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Grant Details

Grant Number: 5R29CA076310-06 Interpret this number
Primary Investigator: Toledano, Alicia
Organization: Brown University
Project Title: Multivariate Methods for Evaluating Diagnostic Systems
Fiscal Year: 2002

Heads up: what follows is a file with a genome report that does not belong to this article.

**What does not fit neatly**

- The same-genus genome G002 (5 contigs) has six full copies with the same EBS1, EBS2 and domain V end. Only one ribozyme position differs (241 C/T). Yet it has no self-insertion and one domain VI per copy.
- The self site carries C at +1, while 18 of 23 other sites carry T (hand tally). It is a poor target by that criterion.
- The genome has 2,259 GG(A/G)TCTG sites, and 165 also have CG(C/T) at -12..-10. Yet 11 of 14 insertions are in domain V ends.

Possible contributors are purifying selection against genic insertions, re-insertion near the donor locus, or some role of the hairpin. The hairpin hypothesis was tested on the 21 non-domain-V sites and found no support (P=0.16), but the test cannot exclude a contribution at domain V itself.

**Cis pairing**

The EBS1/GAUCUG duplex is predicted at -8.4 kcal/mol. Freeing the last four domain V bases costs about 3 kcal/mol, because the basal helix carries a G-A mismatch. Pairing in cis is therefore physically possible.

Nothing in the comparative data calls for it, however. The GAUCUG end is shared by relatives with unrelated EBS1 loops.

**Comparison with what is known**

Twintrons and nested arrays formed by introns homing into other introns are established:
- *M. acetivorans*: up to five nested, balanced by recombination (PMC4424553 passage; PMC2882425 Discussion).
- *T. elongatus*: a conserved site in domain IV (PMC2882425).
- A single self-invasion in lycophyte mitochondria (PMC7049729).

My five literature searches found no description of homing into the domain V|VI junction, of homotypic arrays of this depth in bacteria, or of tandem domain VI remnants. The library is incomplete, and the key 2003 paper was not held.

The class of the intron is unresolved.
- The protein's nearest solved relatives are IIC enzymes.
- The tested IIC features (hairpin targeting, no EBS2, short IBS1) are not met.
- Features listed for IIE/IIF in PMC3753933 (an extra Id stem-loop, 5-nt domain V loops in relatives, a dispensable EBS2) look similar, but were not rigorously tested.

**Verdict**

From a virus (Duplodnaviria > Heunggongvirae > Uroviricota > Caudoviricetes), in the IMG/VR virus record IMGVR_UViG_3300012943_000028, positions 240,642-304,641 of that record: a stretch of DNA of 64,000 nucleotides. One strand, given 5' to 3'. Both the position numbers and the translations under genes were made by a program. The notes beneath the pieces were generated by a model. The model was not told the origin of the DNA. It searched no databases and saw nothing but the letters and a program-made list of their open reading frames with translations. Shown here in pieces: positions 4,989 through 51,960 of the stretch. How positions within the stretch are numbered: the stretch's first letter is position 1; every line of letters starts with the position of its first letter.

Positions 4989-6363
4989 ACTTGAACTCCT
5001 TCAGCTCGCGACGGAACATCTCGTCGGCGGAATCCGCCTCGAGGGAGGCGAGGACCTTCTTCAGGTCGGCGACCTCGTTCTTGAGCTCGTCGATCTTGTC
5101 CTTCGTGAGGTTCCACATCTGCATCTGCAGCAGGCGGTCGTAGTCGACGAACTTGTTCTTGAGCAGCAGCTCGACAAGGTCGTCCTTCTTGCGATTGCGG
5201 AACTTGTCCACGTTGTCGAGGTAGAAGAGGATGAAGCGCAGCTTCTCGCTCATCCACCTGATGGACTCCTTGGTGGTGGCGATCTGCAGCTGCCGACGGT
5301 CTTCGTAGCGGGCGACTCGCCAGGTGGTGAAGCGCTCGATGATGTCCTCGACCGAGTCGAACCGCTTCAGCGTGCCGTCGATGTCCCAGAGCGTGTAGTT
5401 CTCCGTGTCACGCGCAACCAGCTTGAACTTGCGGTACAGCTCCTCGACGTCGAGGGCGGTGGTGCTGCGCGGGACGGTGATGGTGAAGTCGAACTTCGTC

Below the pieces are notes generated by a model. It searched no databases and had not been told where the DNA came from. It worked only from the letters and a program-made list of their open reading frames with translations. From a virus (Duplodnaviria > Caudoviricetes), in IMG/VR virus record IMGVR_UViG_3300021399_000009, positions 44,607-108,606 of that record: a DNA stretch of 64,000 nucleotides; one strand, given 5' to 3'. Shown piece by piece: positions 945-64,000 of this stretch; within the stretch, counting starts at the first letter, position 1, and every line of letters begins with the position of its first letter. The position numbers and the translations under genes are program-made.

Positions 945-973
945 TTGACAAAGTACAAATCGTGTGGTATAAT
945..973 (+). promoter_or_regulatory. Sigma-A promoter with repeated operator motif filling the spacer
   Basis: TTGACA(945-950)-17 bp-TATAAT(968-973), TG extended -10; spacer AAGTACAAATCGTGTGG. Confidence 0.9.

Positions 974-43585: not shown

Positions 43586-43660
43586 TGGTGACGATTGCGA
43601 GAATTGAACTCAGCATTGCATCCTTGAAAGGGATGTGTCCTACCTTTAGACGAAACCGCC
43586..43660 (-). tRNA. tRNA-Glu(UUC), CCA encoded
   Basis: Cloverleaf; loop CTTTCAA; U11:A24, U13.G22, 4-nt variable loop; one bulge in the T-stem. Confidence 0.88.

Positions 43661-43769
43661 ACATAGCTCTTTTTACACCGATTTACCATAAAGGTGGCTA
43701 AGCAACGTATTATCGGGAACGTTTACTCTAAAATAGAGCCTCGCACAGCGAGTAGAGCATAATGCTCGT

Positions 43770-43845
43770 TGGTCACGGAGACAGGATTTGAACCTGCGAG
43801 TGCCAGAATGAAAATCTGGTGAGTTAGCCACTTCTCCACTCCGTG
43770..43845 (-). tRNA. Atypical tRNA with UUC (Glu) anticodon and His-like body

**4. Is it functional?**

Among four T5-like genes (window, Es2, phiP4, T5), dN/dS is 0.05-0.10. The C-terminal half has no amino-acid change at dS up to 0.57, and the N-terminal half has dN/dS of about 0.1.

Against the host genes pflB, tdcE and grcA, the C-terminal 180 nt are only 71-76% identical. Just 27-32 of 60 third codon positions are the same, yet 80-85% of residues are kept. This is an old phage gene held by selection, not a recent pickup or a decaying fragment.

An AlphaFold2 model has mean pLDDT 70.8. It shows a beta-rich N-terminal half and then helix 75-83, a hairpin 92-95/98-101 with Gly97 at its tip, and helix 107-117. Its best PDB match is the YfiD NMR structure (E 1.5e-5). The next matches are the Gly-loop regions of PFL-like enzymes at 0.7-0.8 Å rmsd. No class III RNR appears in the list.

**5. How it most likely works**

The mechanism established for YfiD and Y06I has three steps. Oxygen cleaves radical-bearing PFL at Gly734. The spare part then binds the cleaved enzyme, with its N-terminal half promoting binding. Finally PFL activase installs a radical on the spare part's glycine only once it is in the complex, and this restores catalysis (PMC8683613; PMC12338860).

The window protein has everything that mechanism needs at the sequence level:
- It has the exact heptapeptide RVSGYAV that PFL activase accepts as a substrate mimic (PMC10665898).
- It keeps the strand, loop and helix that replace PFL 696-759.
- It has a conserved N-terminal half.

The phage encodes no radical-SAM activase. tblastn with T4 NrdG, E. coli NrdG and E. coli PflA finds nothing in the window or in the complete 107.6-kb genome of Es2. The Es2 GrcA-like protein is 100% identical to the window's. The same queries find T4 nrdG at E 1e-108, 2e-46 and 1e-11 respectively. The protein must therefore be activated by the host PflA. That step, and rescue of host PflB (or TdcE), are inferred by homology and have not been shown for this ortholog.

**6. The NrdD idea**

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The proposed research will investigate and generate methods for the evaluation of multiple correlated diagnostic test results. The biostatistical methods themselves are applicable to diverse fields. This application will focus on analysis of receiver operating characteristic (ROC) curves generated from diagnostic imaging studies. ROC analysis is used to compare the capacities of imaging systems (i.e., combination of imaging modality and reader) to discriminate between actually positive and actually negative cases. Diagnostic imaging studies commonly use designs in which each case is imaged with multiple modalities and each image is interpreted by several radiologists independently, to increase the power of comparisons of discrimination capacities across modalities and to learn about variation in discrimination capacity across readers. The discrimination capacity of an imaging system can also depend on characteristics of cases. The overall goal of this research is to create innovative statistical methods for evaluating medical diagnostic tests that will be practical for use in the real world. First, multivariate ordinal regression models will be developed that allow discrimination capacity to depend on characteristics of cases while allowing inferences to generalize to populations of readers (random effects). Second, multivariate ordinal regression methods that can accommodate the types of missing data that arise in repeated measurements studies will be developed. Finally, issues of study design and performance of multivariate ordinal regression models in studies with small to moderate sample sizes will be investigated. The ordinal regression models used in this research will employ a multiplicative predicator such that both the height and summetry of the ROC curve can depend on characteristics of cases and/or readers. The proposed research requires difficult innovations in biostatistical methodology for the analysis of multivariate ordinal categorical data. The development of new methods and generation of new ideas and insights will have a significant impact in both the medical and the biostatistical communities on research in methods for evaluating diagnostic tests.

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